“What do you want for Christmas,” snapped Brenda.
“Well,” I said, “why not just stick with what you give me every year – ptomaine poisoning.”
Brenda’s Christmas dinner is an impressively toxic feast infused with pathogenic bacteria and garnished with salmonella. She thinks I don’t see her scraping her food off under the table. We go through a dog a year like that. Our loathsome loinfruit, Clive, seems immune to the peripatetic parasites that are drawn to Brenda’s cooking like cabinet minister’s are drawn to five star hotels.
Actually, this year I expect to get more than just alimentary mycotoxicosis. I also want a blue light to stick on the dashboard of the Hyundai. Much like Gauteng’s Housing MEC, Humphrey Mmemezi, I too have my share of emergencies that require high speeds and a cavalier disregard for anyone who gets in my way.
When Comrade Humphrey’s driver smashed into 18-year-old Thomas Ferreira last weekend, knocking him off his bike and into a coma, they were on their way to an emergency. Nobody has fully explained the nature of this emergency. And why should they? It’s bloody obvious. Gauteng has a backlog of 850 000 homes. If that isn’t an emergency for the housing minister, then I don’t know what is.
On the other hand, he does have eight children and it was a Saturday, so the emergency might not have been directly related to ameliorating the plight of the homeless, per se. Then again, one of the kids might have been locked out of the house, which clearly makes it a housing-related emergency.
Apparently anyone is allowed to apply for permission to accessorise their car with a flashing blue light. Whether you get it or not is another matter. My emergencies mostly involve hitting the bottle store before it closes and getting to Muizenberg for a surf before the sharks arrive for breakfast. I am sure you all have your own emergencies and there is no reason why you shouldn’t also apply for a blue light permit. Make sure you get a gun license at the same time because a lot of people are slow in moving out of the way and it might be quicker to shoot them in the head.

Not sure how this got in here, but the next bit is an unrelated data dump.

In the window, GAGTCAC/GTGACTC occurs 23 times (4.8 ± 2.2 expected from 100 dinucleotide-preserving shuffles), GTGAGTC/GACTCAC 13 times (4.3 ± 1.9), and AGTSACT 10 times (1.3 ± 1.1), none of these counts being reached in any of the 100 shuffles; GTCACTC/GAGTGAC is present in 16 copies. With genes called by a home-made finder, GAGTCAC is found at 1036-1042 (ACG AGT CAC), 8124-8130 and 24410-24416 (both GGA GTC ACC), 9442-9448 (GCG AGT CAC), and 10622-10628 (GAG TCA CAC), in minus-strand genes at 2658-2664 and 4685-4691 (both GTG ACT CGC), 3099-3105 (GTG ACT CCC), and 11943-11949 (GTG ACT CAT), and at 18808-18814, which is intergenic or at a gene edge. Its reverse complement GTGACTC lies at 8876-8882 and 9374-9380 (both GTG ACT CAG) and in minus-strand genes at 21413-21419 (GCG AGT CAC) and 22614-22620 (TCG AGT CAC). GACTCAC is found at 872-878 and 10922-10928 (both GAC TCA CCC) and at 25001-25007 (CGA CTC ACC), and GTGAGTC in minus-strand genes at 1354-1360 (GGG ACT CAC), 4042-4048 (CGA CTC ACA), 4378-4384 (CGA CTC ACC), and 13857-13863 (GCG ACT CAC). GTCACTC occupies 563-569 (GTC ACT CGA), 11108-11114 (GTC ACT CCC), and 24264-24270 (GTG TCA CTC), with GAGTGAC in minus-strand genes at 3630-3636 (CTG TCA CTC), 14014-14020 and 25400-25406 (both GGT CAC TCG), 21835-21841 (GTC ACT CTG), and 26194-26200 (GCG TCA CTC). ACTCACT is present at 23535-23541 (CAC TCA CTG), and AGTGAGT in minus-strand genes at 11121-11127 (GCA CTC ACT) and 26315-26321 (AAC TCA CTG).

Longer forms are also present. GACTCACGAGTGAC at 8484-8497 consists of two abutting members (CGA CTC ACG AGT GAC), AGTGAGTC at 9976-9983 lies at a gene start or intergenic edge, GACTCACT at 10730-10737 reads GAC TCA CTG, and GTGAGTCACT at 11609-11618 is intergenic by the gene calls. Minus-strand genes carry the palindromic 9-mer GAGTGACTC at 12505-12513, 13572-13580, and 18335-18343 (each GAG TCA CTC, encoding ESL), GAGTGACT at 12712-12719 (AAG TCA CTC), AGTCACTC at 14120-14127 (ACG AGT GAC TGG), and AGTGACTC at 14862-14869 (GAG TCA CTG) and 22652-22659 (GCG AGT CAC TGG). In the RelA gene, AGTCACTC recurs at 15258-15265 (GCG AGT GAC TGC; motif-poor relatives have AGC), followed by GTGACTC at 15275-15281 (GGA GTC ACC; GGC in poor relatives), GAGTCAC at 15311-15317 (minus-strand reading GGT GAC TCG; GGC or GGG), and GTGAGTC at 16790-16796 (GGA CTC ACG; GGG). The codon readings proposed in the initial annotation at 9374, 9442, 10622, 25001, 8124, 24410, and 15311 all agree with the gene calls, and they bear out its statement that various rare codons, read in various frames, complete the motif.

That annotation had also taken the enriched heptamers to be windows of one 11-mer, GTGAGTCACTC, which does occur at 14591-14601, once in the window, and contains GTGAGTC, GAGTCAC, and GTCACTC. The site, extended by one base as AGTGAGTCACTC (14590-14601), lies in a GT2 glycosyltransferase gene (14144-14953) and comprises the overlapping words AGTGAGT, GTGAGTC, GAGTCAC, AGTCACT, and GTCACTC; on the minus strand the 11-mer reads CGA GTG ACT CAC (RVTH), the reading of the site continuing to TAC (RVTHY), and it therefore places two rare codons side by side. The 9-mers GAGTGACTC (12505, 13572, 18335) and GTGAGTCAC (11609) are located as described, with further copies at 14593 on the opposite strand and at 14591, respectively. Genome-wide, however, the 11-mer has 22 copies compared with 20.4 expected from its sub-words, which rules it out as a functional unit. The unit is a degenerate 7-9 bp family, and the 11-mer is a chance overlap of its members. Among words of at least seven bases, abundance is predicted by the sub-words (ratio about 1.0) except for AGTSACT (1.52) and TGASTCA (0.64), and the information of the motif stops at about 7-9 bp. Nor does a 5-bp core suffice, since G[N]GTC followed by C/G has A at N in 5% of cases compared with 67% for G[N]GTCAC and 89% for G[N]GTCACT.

What else happened this week? There was a bunch of stuff I wanted to say and now I can’t remember anything. At one point, after reading too many newspapers, I became so saturated with outrage that I passed out on the couch. Brenda found me like that and instead of calling the paramedics, she slapped me across the head, accused me of being drunk and threatened to castrate me with a blunt steak knife if I didn’t unpack the dishwasher. I opted for castration but she didn’t have the balls to carry it out.
Let’s see. Some genius called Moodley went and cut his outlook on our debt rating from stable to negative, causing the rand to depreciate, bonds to fall and my brain to seize up. It took three double brandies and Coke to unjam the pistons. Oh, wait. It wasn’t Moodley at all. It was someone called Moody, or someone who works at Moody’s. Or something. Anyway. Who do they think they are? They say they did it because our darkies are getting restless and the ANC has stuck it’s head up its own ass and has begun eating itself from the inside out. Apparently it’s all Julius Malema’s fault.
Speaking of which. Given the ANC’s current predilection for autocannibalism, Julius should welcome his one-year suspension. It’s a lot safer on the outside. It also gives him time to gather his thought. And to finish those “exams” he’s been writing in Polokwane. Those aren’t exams, Julius. Those are called cheques. Shhh. Don’t wake the hush money.
What else. Durban is hosting the UN climate change talks soon, although talking never changed anything, least of all the climate. The electricity department was hoping to show off their second-hand German wind turbines on the Bluff but the Muesli Militia put a spanner in their works. Apparently the giant blades would endanger the lives of hundreds of slit-faced bats living at the local military base. Those are parabats, you idiots. Their faces look like that from jumping out of aeroplanes. Maybe the turbines could be used to blow the Engen refinery’s pollution directly into management’s offices and give residents the chance to breath clean air for the first time in ages.
On a happier note, South Africa is now among the top ten consumers of liquor in the world. Well done, guys! It’s been a long time since we made the top ten in anything. Almost 40% of the country starts drinking on Friday and doesn’t stop until Monday morning. If we hope to make number one, we are going to have to try harder. Perhaps we should start on a Thursday and stop the following Tuesday. Keep Wednesday for the hangover. And whatever surgery you might need. And for your appearance in court, divorce or criminal.